Lord Michael Hastings spent part of Wednesday morning telling a group of Year 1 students at Red Bay Primary School about the Gruffalo.

Mr. Hastings was reading the children’s book of the same name as part of a visit to promote KPMG’s Family for Literacy program, which is being consolidated, along with the local Literacy is for Everyone program, under KPMG’s global program for literacy.

Lord Hastings heads up KPMG International’s Corporate Citizenship, a charity outreach program that promotes education in more than 100 countries. Cayman is one of 14 nations where Family for Literacy is active.

“Have you seen a Gruffalo?” Mr. Hastings asked the youngsters, showing them a page in the children’s book with a picture of a monstrous beast with horns and tusks. “Have you seen anything that looks like that?”

“My neighbor does,” one of the children said.

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After a laugh, Mr. Hastings said the story had an important message of tolerance.

“It’s easy for us to think that people who look a bit strange are not nice,” he said. “We need to accept them.”

Lord Michael Hastings reads ‘Room on the Broom’ to Year 1 students at Red Bay Primary School on Wednesday as part of a literacy promotion event. – Photo: Mark Muckenfuss

A former teacher, government adviser and television correspondent, Mr. Hastings has been with KPMG for 13 years, and started Family for Literacy in 2008. The program launched in Cayman six years ago. One year later, it partnered with LIFE. The coalition provides books and one-on-one tutors for Year 3 students who have trouble reading.

Marilyn Conolly, executive director of LIFE, said more than 100 students across the government primary schools are currently being served by the program. More than 18,000 books have been donated through LIFE in the past two years, Ms. Conolly said.

Worldwide, Family for Literacy has provided 4.5 million books to children over the past eight years, Mr. Hastings said. It is important to reach children early, he emphasized.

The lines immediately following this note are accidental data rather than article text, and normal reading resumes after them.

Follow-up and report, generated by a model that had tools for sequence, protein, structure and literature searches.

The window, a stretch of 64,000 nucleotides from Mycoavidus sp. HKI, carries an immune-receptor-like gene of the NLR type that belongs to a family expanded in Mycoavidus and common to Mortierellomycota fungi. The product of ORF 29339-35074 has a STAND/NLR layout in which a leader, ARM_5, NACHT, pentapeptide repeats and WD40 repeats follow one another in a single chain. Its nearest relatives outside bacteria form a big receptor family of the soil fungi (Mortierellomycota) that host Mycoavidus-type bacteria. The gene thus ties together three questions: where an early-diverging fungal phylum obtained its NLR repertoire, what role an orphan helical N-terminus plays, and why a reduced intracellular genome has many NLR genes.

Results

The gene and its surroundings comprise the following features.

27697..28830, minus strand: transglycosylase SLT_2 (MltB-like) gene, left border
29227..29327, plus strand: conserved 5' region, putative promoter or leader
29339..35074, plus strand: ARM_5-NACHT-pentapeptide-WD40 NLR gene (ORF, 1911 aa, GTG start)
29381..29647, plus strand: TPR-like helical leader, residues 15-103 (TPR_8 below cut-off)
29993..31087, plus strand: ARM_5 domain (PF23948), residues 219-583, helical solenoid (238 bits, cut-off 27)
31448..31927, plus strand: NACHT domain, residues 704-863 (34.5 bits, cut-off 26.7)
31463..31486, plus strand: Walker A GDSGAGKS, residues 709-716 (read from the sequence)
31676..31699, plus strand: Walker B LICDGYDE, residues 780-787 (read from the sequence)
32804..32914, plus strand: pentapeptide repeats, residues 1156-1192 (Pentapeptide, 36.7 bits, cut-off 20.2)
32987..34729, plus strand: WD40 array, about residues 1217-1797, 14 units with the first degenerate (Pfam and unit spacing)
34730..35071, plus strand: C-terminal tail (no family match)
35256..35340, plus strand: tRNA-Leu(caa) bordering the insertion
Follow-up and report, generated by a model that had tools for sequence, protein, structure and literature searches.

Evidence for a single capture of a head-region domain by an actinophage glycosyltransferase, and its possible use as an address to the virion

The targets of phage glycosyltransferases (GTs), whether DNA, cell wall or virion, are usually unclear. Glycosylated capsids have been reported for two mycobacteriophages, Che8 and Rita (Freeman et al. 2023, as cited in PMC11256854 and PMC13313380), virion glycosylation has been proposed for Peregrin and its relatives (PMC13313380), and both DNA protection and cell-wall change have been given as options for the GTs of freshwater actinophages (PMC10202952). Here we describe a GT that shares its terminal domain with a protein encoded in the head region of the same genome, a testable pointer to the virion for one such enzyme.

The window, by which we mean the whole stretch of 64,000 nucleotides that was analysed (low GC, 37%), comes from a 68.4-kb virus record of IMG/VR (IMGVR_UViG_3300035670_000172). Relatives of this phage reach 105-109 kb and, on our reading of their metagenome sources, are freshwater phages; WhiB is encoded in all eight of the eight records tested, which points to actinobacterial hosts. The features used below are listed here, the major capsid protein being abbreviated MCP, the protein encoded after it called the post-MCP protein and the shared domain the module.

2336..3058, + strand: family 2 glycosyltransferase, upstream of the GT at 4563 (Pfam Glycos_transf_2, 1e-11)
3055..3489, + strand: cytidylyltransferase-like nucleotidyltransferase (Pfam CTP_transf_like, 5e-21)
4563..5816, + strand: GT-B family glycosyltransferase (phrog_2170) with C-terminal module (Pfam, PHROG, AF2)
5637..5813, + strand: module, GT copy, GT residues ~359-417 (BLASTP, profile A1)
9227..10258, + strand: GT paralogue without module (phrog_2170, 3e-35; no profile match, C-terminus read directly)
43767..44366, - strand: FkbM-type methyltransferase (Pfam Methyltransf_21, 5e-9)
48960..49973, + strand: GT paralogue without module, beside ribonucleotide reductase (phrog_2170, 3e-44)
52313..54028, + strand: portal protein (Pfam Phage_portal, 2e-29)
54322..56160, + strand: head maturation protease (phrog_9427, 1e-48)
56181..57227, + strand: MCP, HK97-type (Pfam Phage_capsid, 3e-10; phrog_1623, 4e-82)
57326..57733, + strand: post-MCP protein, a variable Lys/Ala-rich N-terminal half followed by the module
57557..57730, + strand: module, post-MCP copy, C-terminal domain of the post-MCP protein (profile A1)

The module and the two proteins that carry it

“If you haven’t got it by 7,” he said, “it’s a struggle.”

Making sure students can read, he said, allows them to pursue other avenues of education. Literacy is the key to adaptive thinking and to eventual success in the working world.

“What we’re doing is making a 50-year investment,” Mr. Hastings said.

He said KPMG also has programs for older students, including the mathematics-oriented Junior Achievement and Enactus, a university-level program that teaches business practices. Of these, only Family for Literacy is active in Cayman.

Benette Moolman, a senior manager at KPMG’s Cayman offices, is the coordinator for the company’s involvement with Red Bay School, which is currently the only school the company’s employees volunteer at. Each Wednesday, nearly 50 volunteers spend an hour with Year 3 students who need help. Children meet with the same volunteer with whom they are paired every week.

“It’s doing something every week that’s making an impact,” said Ms. Moolman.

Most of the students, she said, advance between five and 10 reading levels during the year.

Yosha Alphonse, literacy specialist for the Ministry of Education, said LIFE and its partnership with Family for Literacy helps supplement other literacy efforts in the schools.

“The gaps are always there,” Ms. Alphonse said. “LIFE steps in to fill that gap. We cherish LIFE as a partner.”

Mr. Hastings will be attending the Cayman Alternative Investment Summit during his visit to the Cayman Islands, where he will host a talk on Friday with Mark Foster from IBM Global Business Services.

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